You mean it will disturb (or mess up) the AI's assessment and planning procedures?
If the AI manages to keep such platoons right behind the lead line units, it would allow for more realistic depictions of assaults/combats.

By the way, what about the mortar companies in BFTB's most recent version, do they still tend to expose themselfs to direct fire, or even be on the same line as line units?


< Message edited by GoodGuy -- 7/23/2012 11:59:11 PM >


_____________________________

"Aw Nuts"
General Anthony McAuliffe
December 22nd, 1944
Bastogne

---
"I've always felt that the AA (Alied Assault engine) had the potential to be [....] big."
Tim Stone
8th of August, 2006

(in reply to simovitch)
Post #: 6
RE: HQ Company Questions - 7/30/2012 9:46:01 PM   
Joe D.


Posts: 3642
Joined: 8/31/2005
From: Stratford, Connecticut
Status: offline
quote:

ORIGINAL: GoodGuy

... That's what I always thought how the US had positioned their mortar sections, so for the game, the organic mortar sections (of US and at least German companies) should actually be detached and placed as individual mortar platoons, just like the German AT platoons, so that the player or the AI can place them behind (and in support of) the line units and avoid to expose them to direct fire.


Even when attached, if you use an FUP, isn't that what happens anyway?

In the BFtB tutoral scenario, I've watched both the HQ and mortar units position themselves behind their assaulting line units without any micro-managing on my part.

_____________________________

Stratford, Connecticut, U.S.A.

"The Angel of Okinawa"

Home of the Chance-Vought Corsair, F4U
The best fighter-bomber of World War II

(in reply to GoodGuy)
Post #: 7
RE: HQ Company Questions - 7/31/2012 12:54:37 AM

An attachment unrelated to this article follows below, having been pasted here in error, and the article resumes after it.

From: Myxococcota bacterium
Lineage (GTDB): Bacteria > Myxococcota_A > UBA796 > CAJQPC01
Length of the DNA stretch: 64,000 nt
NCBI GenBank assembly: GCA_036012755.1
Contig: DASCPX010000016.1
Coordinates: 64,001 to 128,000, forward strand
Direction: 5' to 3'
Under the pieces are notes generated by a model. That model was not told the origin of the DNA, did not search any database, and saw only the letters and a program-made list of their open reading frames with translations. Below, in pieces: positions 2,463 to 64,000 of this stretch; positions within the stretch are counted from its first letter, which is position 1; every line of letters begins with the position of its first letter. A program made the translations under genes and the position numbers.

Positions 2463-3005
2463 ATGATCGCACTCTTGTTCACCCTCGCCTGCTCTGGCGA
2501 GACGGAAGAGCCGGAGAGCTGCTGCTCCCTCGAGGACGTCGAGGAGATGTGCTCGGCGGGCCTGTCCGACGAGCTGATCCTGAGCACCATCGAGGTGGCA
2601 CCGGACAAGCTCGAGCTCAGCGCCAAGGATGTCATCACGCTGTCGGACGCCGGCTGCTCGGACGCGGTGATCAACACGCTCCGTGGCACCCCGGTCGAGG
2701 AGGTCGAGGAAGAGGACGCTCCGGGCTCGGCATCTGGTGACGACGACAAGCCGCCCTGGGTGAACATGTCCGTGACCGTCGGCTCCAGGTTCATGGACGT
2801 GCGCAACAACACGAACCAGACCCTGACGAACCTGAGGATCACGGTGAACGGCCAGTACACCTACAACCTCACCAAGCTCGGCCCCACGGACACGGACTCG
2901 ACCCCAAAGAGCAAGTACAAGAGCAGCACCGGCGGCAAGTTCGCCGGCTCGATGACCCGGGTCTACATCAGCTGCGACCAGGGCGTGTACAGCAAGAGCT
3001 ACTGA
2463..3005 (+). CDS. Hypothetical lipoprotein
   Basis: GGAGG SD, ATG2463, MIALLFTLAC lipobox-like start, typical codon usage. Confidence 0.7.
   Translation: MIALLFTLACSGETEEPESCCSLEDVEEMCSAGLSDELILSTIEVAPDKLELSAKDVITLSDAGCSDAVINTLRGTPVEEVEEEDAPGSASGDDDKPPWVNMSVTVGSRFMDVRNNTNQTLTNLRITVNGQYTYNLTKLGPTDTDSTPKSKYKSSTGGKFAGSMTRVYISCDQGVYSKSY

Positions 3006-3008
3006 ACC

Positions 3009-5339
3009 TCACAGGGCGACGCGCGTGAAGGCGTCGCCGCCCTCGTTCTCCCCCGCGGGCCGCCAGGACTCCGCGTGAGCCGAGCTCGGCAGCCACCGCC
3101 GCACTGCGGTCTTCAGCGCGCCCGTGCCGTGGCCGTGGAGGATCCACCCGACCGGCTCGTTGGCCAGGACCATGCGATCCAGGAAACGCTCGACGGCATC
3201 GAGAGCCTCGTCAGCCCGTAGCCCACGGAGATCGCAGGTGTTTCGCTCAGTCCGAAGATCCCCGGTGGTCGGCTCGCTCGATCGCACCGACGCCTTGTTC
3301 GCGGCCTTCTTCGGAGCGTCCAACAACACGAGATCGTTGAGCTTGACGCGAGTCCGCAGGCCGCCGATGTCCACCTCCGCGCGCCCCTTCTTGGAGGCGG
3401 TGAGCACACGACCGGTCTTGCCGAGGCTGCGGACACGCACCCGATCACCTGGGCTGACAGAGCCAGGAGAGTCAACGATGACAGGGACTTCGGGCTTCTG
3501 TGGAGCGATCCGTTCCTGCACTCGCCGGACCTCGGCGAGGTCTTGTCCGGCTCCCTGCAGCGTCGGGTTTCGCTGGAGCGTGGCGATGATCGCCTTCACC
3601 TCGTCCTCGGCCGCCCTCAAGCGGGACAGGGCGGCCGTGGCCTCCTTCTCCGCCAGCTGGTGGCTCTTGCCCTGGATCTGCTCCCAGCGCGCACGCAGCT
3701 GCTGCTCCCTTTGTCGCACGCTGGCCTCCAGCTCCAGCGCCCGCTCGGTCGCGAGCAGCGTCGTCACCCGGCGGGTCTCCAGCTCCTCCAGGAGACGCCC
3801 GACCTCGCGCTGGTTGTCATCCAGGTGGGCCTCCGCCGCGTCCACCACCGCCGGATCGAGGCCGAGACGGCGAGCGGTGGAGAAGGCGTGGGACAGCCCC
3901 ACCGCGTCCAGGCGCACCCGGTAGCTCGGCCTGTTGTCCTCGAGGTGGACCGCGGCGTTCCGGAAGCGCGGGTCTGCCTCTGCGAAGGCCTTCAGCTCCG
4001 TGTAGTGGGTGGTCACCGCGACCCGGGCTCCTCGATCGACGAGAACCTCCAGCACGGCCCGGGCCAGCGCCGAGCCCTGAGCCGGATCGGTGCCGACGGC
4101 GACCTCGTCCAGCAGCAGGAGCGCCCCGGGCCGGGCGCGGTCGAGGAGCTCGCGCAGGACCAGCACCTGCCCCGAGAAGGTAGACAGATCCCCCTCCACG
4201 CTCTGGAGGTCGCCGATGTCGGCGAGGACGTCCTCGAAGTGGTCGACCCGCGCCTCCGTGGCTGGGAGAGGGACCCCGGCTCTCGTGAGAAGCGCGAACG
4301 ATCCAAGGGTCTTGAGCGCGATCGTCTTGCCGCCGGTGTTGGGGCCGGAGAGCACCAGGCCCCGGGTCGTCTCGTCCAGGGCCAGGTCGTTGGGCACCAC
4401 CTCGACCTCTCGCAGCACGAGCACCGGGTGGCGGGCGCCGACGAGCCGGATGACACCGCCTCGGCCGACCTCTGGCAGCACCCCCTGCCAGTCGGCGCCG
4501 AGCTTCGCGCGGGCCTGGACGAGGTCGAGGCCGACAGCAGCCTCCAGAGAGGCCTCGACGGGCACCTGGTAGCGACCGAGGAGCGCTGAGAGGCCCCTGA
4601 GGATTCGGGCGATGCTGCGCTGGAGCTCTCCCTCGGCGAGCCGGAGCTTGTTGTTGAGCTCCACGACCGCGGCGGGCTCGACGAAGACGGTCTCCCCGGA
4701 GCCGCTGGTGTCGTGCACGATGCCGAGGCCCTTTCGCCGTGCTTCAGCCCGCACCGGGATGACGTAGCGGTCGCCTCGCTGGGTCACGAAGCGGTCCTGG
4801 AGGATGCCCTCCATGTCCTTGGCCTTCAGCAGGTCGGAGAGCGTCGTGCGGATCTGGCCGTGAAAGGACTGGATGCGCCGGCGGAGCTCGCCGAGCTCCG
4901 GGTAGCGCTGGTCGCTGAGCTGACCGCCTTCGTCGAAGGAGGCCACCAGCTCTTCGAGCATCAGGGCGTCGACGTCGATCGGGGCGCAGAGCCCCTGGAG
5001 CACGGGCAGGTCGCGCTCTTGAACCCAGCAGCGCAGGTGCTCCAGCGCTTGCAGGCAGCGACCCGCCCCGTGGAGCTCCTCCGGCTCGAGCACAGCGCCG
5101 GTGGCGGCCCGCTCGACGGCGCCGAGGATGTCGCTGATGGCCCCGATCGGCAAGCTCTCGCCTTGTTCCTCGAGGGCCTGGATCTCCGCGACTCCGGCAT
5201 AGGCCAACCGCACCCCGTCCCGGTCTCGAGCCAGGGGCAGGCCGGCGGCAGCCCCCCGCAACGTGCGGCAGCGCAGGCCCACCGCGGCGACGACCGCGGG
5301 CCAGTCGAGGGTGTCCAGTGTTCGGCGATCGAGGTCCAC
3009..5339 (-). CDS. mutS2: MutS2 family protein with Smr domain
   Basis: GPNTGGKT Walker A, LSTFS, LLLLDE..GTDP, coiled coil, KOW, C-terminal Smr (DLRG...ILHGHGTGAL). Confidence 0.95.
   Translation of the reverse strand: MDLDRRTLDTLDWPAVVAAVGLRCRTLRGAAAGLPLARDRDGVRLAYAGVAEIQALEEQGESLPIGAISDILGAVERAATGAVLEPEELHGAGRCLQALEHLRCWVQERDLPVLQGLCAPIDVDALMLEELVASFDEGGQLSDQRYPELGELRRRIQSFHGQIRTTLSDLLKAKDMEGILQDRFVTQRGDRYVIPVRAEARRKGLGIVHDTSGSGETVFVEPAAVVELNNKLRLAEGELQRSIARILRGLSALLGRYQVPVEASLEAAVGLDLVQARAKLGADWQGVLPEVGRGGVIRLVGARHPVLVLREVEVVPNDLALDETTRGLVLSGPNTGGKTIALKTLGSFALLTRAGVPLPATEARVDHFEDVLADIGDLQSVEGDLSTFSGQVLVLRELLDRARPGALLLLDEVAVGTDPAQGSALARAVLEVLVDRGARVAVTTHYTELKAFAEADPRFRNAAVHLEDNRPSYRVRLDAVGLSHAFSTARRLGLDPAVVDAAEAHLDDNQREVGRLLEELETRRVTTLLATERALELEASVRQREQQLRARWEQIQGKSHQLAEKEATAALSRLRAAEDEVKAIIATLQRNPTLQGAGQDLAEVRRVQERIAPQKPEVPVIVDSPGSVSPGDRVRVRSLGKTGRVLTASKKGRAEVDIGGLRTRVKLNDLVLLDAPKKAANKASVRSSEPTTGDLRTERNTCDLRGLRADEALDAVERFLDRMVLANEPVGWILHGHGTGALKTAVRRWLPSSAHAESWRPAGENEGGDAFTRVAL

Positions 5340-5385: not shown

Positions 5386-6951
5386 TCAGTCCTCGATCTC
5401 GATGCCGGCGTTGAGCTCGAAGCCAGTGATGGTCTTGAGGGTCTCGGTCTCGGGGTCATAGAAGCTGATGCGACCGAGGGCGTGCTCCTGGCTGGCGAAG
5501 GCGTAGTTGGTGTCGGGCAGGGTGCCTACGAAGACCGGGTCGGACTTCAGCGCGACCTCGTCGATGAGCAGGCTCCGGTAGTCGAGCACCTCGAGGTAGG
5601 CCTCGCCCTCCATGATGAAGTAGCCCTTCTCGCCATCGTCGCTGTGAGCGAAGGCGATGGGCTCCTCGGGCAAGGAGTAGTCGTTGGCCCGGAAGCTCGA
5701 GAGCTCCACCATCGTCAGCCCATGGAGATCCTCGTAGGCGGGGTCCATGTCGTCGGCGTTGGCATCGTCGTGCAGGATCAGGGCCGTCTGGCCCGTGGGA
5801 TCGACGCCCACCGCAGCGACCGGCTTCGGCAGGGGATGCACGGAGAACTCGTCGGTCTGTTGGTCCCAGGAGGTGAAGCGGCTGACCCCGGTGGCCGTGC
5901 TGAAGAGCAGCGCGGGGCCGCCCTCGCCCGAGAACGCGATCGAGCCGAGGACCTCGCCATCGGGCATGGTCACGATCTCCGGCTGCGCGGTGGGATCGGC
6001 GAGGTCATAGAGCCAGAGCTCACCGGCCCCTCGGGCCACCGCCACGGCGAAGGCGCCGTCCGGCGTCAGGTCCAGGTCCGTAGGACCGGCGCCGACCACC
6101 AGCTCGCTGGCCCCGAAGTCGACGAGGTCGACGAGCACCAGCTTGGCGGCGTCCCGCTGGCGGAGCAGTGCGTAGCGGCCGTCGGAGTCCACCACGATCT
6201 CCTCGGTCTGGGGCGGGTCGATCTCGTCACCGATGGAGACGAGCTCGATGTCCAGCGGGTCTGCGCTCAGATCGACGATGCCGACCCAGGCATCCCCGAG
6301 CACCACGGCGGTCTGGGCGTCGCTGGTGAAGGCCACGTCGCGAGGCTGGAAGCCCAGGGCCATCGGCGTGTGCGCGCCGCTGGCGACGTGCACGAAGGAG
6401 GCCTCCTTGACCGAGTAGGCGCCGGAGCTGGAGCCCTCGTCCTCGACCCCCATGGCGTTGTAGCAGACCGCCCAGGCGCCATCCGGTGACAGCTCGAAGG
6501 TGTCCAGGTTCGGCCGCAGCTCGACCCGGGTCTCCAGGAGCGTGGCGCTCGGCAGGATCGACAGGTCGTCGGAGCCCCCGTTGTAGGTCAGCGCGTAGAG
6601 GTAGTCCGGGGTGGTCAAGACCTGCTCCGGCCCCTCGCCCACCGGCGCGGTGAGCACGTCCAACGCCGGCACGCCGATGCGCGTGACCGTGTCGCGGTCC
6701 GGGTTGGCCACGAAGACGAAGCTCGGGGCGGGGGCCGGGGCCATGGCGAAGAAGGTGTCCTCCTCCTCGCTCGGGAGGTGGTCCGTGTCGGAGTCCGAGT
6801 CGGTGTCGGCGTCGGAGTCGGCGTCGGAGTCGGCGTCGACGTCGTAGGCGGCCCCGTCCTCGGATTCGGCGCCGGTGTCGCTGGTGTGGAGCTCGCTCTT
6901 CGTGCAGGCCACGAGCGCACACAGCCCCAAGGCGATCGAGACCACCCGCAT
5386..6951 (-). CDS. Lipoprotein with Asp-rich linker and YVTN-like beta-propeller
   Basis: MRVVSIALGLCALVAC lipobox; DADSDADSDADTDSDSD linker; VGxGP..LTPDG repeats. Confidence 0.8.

Arjuna


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Before BFTB we used to have the HQ travel with the assault group. Now, though, the HQ stays at the reserve location with the mortars. Mortar positioning is also better handled now.

_____________________________

Dave "Arjuna" O'Connor
www.panthergames.com

(in reply to Joe D.)
Post #: 8
RE: HQ Company Questions - 7/31/2012 5:37:15 AM   
GoodGuy

 

Posts: 1501
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From: Cologne, Germany
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quote:

ORIGINAL: Arjuna

Before BFTB we used to have the HQ travel with the assault group. Now, though, the HQ stays at the reserve location with the mortars. Mortar positioning is also better handled now.


Thanks for the info, Dave. That's the piece of info I was searching for. Good news.

quote:

ORIGINAL: Joe D.

quote:

ORIGINAL: GoodGuy

... That's what I always thought how the US had positioned their mortar sections, so for the game, the organic mortar sections (of US and at least German companies) should actually be detached and placed as individual mortar platoons, just like the German AT platoons, so that the player or the AI can place them behind (and in support of) the line units and avoid to expose them to direct fire.


Even when attached, if you use an FUP, isn't that what happens anyway?

In the BFtB tutoral scenario, I've watched both the HQ and mortar units position themselves behind their assaulting line units without any micro-managing on my part.


Well, with my statement you quoted, I was referring to the organic mortar platoon/section of a line unit (say an INF coy), and not to a Bn or divisional mortar coy. By checking such a line unit's equipment tab, you'll figure that quite some of these Coys have a number of mortars at their disposal. The mortar rounds are usually rendered by the engine and you should hear the mortar fire, too.
So I proposed to take these mortars from such Coys and place them on the map as independent units (ie. as mortar platoons or sections), so that the AI (or the player) can place them behind the frontline, as (for example) the Germans rarely placed them right on the front-line. If not "detached" (means not taken away), they'll probably be the first heavy EQ that gets destroyed if they encounter say a tank unit, or if they get hit by air strikes. A concealed mortar platoon or section wasn't a real fat target of opportunity for air bombardments, visually (spotting -> small size unit), imho.